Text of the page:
A T visa is a type of visa allowing certain victims of human trafficking and immediate family members to remain and work temporarily in the United States if they agree to assist law enforcement in testifying against the perpetrators.
In 2000, the U.S. Congress created the T nonimmigrant status through the Victims of Trafficking and Violence Protection Act. The purpose of the law was to strengthen the ability of law enforcement agencies to investigate and prosecute human trafficking, and also offer protection to victims. Human trafficking is a form of modern-day slavery in which traffickers lure individuals with false promises of employment and a better life. Traffickers often take advantage of poor, unemployed individuals who lack access to social services. The T Nonimmigrant Status, or T Visa, is set aside for those who are or have been victims of human trafficking, protects victims of human trafficking and allows victims to remain in the United States to assist in an investigation or prosecution of human trafficking.
T Visas are available to people who fall under these criteria:
- came to the United States illegally to engage in commercial sex work, involuntary servitude, peonage, debt bondage, or slavery
- committed commercial sex acts or agreed to come to the United States as a result of force, fraud, or coercion
- would suffer extreme hardship if deported
- report their trafficking crime to federal authorities and, if at least 15 years old, help with investigations and prosecutions. With the 2006 modification, the required compliance with law enforcement was deemed not fit if the victim would undergo any increased trauma. This is better known as the “trauma exception”.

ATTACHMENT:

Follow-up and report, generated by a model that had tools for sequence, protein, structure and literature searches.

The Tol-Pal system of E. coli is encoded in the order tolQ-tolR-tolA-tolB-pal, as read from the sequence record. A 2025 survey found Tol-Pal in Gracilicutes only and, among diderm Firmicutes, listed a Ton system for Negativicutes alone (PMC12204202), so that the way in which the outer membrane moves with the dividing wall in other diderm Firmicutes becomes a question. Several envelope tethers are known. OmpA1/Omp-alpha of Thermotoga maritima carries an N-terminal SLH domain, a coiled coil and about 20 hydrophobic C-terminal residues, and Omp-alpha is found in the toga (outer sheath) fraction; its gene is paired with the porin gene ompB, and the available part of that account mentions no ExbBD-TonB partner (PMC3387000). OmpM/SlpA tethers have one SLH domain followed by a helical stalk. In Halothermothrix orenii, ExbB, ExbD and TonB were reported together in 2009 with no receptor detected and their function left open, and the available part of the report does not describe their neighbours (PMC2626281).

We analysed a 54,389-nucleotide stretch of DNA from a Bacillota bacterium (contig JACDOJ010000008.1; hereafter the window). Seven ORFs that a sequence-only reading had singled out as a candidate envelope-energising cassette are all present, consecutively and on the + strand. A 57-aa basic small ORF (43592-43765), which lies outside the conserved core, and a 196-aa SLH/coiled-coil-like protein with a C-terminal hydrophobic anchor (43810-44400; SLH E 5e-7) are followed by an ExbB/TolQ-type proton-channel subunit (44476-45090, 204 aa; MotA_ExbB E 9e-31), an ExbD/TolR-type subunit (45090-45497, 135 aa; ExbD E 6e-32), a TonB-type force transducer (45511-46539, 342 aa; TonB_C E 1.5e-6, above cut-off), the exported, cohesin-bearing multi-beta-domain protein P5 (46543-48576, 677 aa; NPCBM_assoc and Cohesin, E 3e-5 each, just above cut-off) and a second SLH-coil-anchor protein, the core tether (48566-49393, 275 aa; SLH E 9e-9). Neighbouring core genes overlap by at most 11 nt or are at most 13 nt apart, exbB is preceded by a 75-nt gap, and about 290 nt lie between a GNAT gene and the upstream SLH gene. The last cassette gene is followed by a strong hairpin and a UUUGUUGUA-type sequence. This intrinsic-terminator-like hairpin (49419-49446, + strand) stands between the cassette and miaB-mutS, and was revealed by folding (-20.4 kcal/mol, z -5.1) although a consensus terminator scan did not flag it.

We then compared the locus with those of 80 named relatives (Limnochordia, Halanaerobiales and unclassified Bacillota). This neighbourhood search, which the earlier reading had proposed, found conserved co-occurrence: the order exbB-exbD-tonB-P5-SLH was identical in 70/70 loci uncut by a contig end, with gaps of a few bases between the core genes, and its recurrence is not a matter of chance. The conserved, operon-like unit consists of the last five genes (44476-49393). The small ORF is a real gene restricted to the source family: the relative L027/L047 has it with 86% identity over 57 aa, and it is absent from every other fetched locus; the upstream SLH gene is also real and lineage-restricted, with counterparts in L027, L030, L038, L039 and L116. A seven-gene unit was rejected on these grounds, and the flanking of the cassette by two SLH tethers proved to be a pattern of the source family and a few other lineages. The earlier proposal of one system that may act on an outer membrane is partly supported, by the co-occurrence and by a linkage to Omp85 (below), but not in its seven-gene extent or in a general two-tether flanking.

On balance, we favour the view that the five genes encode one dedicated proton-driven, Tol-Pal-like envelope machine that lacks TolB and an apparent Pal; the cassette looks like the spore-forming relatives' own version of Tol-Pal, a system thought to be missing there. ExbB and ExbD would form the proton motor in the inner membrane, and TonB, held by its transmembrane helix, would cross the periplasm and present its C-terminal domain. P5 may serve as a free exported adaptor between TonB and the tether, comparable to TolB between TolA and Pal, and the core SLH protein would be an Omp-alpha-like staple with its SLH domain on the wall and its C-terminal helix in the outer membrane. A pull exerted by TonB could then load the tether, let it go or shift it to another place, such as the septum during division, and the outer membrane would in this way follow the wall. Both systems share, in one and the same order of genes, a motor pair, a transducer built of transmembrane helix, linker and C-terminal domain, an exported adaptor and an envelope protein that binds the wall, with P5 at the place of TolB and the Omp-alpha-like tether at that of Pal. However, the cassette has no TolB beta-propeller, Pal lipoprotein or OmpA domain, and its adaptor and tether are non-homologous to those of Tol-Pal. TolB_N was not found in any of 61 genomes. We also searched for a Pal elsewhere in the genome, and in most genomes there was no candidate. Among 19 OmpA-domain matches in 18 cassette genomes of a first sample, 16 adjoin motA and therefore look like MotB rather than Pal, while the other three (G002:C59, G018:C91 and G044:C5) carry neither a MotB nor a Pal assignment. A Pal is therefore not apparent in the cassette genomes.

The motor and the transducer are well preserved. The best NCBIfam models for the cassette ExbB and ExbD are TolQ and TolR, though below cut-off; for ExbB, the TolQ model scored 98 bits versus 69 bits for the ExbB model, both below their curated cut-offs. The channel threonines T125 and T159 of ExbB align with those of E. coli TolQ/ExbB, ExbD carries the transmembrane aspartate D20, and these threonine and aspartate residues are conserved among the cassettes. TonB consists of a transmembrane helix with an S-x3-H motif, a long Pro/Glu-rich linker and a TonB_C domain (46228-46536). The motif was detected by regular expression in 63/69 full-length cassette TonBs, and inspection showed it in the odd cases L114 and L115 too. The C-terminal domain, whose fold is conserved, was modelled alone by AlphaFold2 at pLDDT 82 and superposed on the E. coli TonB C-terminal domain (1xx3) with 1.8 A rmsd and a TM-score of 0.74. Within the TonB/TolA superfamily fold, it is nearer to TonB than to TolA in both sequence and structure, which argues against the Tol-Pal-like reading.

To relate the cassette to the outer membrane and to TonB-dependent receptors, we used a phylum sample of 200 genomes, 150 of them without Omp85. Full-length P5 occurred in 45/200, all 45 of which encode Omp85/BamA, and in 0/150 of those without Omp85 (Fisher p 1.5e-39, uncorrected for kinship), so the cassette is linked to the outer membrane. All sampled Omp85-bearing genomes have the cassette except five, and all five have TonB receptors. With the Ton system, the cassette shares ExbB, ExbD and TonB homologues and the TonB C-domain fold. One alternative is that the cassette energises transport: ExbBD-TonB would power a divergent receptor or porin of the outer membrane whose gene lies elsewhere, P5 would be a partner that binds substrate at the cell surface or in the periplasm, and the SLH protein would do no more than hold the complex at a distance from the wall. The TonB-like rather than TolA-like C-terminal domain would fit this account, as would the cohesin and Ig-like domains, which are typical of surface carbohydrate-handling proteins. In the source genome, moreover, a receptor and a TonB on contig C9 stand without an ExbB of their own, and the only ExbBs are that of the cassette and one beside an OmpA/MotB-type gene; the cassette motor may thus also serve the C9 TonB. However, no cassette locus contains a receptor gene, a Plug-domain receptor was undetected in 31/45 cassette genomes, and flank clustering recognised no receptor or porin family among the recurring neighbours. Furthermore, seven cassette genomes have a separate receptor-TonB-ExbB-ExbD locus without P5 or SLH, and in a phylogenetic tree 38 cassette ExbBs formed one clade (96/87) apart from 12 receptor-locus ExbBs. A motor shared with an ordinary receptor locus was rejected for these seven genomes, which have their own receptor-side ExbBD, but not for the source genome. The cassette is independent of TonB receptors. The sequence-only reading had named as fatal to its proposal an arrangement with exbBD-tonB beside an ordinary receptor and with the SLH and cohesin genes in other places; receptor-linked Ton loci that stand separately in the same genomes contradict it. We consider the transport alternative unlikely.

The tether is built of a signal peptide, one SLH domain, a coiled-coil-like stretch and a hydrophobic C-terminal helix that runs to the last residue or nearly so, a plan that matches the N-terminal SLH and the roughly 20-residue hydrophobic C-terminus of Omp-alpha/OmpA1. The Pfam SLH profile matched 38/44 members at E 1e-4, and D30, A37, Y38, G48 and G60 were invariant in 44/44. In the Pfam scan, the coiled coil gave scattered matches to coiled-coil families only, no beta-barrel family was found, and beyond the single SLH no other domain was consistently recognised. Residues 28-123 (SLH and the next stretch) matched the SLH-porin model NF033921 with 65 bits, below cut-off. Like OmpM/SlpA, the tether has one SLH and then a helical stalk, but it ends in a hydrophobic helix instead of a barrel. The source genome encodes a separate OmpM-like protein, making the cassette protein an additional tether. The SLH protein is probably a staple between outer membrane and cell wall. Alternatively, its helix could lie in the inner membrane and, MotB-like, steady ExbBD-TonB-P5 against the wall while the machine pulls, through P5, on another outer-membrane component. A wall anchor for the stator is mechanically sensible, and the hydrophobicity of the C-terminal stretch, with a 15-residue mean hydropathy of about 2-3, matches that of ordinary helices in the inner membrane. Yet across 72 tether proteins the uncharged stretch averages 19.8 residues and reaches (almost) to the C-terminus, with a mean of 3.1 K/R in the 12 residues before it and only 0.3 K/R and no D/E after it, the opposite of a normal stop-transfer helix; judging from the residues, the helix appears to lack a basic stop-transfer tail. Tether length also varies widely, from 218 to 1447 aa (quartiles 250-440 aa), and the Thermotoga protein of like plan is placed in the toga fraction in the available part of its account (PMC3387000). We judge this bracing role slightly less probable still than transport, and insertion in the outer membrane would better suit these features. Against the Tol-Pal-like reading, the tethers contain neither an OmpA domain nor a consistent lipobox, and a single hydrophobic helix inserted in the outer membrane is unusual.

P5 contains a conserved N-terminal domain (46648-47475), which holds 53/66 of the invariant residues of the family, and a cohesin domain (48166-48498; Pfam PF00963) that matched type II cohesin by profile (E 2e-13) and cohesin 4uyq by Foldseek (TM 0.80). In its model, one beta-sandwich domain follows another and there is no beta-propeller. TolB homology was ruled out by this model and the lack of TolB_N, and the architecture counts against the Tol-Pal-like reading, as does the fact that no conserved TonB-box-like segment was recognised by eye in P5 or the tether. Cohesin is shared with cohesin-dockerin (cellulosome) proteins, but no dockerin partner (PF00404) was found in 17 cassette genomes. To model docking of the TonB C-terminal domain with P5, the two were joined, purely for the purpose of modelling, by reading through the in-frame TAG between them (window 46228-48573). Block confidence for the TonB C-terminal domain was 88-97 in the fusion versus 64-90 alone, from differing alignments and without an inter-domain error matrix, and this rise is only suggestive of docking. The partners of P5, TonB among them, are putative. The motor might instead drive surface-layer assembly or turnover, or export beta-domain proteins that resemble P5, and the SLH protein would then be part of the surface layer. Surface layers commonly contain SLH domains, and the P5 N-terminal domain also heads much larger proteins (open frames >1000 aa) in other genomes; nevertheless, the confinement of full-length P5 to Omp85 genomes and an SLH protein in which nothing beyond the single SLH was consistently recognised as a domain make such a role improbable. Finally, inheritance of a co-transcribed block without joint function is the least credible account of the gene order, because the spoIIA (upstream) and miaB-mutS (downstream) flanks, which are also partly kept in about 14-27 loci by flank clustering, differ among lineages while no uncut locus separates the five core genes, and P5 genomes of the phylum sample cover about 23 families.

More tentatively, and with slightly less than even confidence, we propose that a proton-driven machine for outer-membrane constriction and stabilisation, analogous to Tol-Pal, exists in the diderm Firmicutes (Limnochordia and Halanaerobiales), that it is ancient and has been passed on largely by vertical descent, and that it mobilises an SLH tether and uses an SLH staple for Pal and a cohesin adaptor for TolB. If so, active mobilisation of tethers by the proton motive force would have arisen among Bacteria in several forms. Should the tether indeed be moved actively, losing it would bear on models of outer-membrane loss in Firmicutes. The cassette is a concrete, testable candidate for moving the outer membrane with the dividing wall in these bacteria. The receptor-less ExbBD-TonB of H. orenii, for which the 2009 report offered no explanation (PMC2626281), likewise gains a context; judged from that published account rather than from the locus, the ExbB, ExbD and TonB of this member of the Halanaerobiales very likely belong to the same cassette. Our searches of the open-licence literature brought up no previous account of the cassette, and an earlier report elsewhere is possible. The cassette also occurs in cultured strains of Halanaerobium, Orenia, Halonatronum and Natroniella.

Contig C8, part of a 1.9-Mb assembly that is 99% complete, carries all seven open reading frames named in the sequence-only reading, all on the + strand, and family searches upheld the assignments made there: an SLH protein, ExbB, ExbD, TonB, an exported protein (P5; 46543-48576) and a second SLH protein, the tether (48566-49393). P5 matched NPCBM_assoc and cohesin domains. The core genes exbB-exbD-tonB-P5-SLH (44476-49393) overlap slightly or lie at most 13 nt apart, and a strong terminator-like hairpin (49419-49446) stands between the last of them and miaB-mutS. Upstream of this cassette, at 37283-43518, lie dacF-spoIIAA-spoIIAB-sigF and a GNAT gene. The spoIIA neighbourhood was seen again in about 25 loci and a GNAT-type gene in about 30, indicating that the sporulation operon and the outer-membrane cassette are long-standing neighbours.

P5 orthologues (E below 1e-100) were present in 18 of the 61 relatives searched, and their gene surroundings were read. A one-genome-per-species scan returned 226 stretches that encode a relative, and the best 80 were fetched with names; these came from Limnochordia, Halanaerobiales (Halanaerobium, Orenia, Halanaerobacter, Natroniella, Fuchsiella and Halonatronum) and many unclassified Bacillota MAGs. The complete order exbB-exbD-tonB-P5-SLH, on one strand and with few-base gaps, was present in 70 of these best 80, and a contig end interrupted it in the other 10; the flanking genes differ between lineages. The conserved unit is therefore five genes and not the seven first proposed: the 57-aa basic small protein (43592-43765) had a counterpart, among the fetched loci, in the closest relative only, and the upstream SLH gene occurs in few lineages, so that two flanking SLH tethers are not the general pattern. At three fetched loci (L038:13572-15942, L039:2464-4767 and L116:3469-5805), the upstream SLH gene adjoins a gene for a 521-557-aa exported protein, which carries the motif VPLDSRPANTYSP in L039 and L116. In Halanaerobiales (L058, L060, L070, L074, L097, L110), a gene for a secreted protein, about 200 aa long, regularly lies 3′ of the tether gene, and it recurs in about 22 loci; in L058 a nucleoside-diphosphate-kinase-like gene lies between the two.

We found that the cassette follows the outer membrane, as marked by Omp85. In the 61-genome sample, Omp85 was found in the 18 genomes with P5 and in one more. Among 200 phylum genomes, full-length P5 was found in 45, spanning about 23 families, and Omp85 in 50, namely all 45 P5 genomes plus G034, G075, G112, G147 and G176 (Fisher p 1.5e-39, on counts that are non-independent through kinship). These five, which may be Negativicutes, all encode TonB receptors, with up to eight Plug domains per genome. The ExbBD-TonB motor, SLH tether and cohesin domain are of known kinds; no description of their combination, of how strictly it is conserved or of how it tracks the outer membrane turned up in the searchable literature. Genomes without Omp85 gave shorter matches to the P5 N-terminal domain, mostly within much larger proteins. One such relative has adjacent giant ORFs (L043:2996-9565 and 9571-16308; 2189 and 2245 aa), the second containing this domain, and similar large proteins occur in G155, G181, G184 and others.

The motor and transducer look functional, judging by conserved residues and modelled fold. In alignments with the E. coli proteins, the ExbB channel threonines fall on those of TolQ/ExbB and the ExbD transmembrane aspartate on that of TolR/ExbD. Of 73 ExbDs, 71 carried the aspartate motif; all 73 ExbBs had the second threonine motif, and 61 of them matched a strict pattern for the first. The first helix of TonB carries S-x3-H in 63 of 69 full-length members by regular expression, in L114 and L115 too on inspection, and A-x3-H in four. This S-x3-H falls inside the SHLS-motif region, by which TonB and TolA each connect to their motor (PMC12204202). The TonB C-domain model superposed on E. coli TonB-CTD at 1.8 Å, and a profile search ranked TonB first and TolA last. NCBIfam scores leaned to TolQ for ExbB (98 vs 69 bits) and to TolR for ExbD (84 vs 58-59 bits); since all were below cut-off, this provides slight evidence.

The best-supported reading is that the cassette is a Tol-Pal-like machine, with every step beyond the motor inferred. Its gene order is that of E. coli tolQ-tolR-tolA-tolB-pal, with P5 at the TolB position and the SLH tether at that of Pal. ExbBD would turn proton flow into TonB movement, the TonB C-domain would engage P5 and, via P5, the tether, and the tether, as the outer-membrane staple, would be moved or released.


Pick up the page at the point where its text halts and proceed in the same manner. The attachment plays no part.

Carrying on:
- must include an endorsement from a law enforcement agency included in the T-1 visa application (if the agency chooses to not include an endorsement, the victim must provide sufficient secondary evidence)
In order to be eligible for a T visa the applicant must demonstrate unusual or severe harm if they were to be removed from the United States. This includes:
- Age and personal circumstances of the T visa applicant.
- Serious physical or mental illness of the T Visa applicant of which they will be unable to receive treatment in their home country.
- Likelihood of re-victimization.
- Reasonable expectation of punishment upon applicants return to home country.
- Likelihood of harm by traffickers or related individuals upon return.
The T nonimmigrant status is a nonimmigrant (temporary) status that allows non-citizen victims to stay in the United States, obtain employment authorization, and apply for lawful permanent resident status. Immediate family members also qualify.
The duration of the T nonimmigrant status is for up to four years. However, this period may be extended in certain situations. And, after time, T nonimmigrant may adjust status to obtain lawful permanent residence (Green Card).
To stay updated on current USCIS issues or for more information on the T Visa, please visit Central Florida’s full service immigration firm at www.OrlandoVisa.com, or call us at (407) 648-5742.